Immediately we all huddled around the computer as we double-clicked the “Compuserve” icon and waited in anxious anticipation for this “World Wide Web” to be unveiled before our eyes. There we waited…and waited…and continued to wait. After several minutes of “dial-up suspense” serenaded by dial tones, pings, static and more pings, we were connected. We were on the web. The funny thing about that memory is that, once we were connected, we never thought twice about what it took for us to become connected, and how long the process was. We had no expectation other than being connected to the “web.” There was not even the slightest presumption that the process was supposed to be fast. The only thing we desired was what the “web” offered, and how amazing gaining access to it would be. However, nowadays, it seems to be that we tend to be more bothered by the wait than what awaits us. Speed is everything: without the speed, nothing is worth anything. We are people that want things right away, and being told to wait means we lose interest. Many people focus on power and speed in their connecting to God, with the result that the actual “quality” relationship with God is easily overlooked, under-appreciated and overshadowed. As is all too often the case, many people seek God as a means to a particular end and not the end itself.
As my mother finished preparing the cake mix that she continued to defend despite its unpromising appearance, we entered into the “baking” stage of the process. This is the point to which I can best trace the dissolution of my interest in baking. The “baking” stage meant that my job now was to wait as the mix from the bowl was miraculously transformed into the promised final product of cake. With each passing minute my interest in the cake itself began to wane. In the boredom, I typically found something else to occupy my time and mind. Reassuring that I would be back to help my mom finish the process, off I went, heading off into some new, and likely trivial, activity. My mom always seemed to respond to my promise to return with hesitation and doubt, but I confidently reassured her with three hopeful words, “I’ll be back.”
Some time later, my mother would call that the cake was finished. To my shock, and shame for leaving my mom to finish the cake by herself, the process I began with intentions to complete was finished without me. Not only was the cake finished baking, but my mom had proceeded to step three alone, icing and applying the finishing touches. The looming reality of my decision to give into boredom and abandon my mom and the baking process left me with the conviction of failure and betrayal. “How could I eat and enjoy the cake now?” I asked myself. I was not prepared to endure the patience required in baking. I was in it from the beginning to simply eat the cake and enjoy the fruits of the labor, not to do what was required in order to bring about the finished product.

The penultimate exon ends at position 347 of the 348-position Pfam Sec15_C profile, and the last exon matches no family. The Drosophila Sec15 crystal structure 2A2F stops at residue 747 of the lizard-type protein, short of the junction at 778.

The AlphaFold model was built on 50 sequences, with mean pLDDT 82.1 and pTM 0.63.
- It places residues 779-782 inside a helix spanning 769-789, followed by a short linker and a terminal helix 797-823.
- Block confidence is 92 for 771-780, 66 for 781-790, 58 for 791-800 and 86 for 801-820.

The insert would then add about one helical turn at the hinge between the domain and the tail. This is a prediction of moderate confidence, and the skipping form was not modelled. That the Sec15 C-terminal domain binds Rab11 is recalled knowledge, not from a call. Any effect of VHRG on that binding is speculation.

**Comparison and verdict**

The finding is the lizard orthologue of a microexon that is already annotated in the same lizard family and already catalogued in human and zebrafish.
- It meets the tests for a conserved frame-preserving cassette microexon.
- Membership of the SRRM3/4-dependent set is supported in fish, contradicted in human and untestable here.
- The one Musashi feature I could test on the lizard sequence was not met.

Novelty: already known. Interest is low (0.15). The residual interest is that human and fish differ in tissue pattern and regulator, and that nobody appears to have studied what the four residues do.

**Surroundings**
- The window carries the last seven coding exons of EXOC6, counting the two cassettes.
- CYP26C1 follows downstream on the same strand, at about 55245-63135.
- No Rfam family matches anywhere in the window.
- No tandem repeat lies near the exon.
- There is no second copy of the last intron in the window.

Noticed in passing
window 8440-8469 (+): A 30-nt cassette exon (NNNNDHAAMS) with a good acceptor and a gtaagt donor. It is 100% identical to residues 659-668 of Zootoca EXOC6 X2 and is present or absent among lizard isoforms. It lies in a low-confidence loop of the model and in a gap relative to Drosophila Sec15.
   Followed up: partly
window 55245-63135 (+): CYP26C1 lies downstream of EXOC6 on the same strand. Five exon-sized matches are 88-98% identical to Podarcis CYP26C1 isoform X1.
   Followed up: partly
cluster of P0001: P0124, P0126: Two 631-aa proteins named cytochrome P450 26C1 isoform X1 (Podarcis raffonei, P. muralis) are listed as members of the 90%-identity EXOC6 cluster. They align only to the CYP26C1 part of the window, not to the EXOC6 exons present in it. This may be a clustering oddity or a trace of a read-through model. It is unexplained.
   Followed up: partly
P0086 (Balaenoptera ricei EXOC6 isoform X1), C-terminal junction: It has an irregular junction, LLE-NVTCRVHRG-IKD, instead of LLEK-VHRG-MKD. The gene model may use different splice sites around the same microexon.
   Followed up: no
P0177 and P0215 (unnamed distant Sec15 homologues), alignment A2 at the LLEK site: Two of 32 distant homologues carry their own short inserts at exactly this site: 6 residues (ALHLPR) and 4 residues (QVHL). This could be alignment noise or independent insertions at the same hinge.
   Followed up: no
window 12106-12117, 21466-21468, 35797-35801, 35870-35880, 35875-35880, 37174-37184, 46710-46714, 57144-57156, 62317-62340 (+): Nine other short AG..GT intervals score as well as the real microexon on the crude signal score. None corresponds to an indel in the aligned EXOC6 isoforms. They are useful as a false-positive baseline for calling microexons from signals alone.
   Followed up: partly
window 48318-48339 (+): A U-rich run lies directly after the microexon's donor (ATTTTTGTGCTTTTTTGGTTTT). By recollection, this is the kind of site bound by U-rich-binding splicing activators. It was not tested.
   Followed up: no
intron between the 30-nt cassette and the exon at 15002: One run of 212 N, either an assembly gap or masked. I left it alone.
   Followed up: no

This natural aversion to patience is always present in our walk with God but, in some instances, can downright control our walk with God. In the Bible, God is often referred to as a gardener who takes his time growing the plants and pruning for progress when necessary. We, as Christians, are compared to branches that grow slowly, or plants that arise from planted seeds that grow at a gradual pace. All of these words like “slowly” and “gradual” have little in common with words like “now” and “right now.” Yet, this slow, gradual, yet productive, characteristic of God is the only one described in the Bible. This slow, gradual, yet effective process is the only one concerning our growth as Christians. Therefore, to grow as a Christian under the will of God often means two things: the process will be gradual, and the process will be slow. However, the process promises to be real and absolutely worth it and transformative.
The baking process not just require patience. The other necessary element needed to transform the mix into a cake is heat. And this heat is extreme.
I am a self-professed “know-nothing” when it comes to baking and all of its molecular intricacies; however, I have been able to wrap my head around the basics. I know that baking requires an oven, and this oven needs to be able to produce extreme temperatures. Regarding the nature of chemical reactions and molecular transformation I have no clue, however, I do know that when you take the mix from the mixing bowl and place it into the oven at high temperatures over a period of time, something tends to emerge in some sort of baked form. Required in the process is heat, and the endurance of heat. It is these elements that I believe are most directly related to our continual growth as Christians.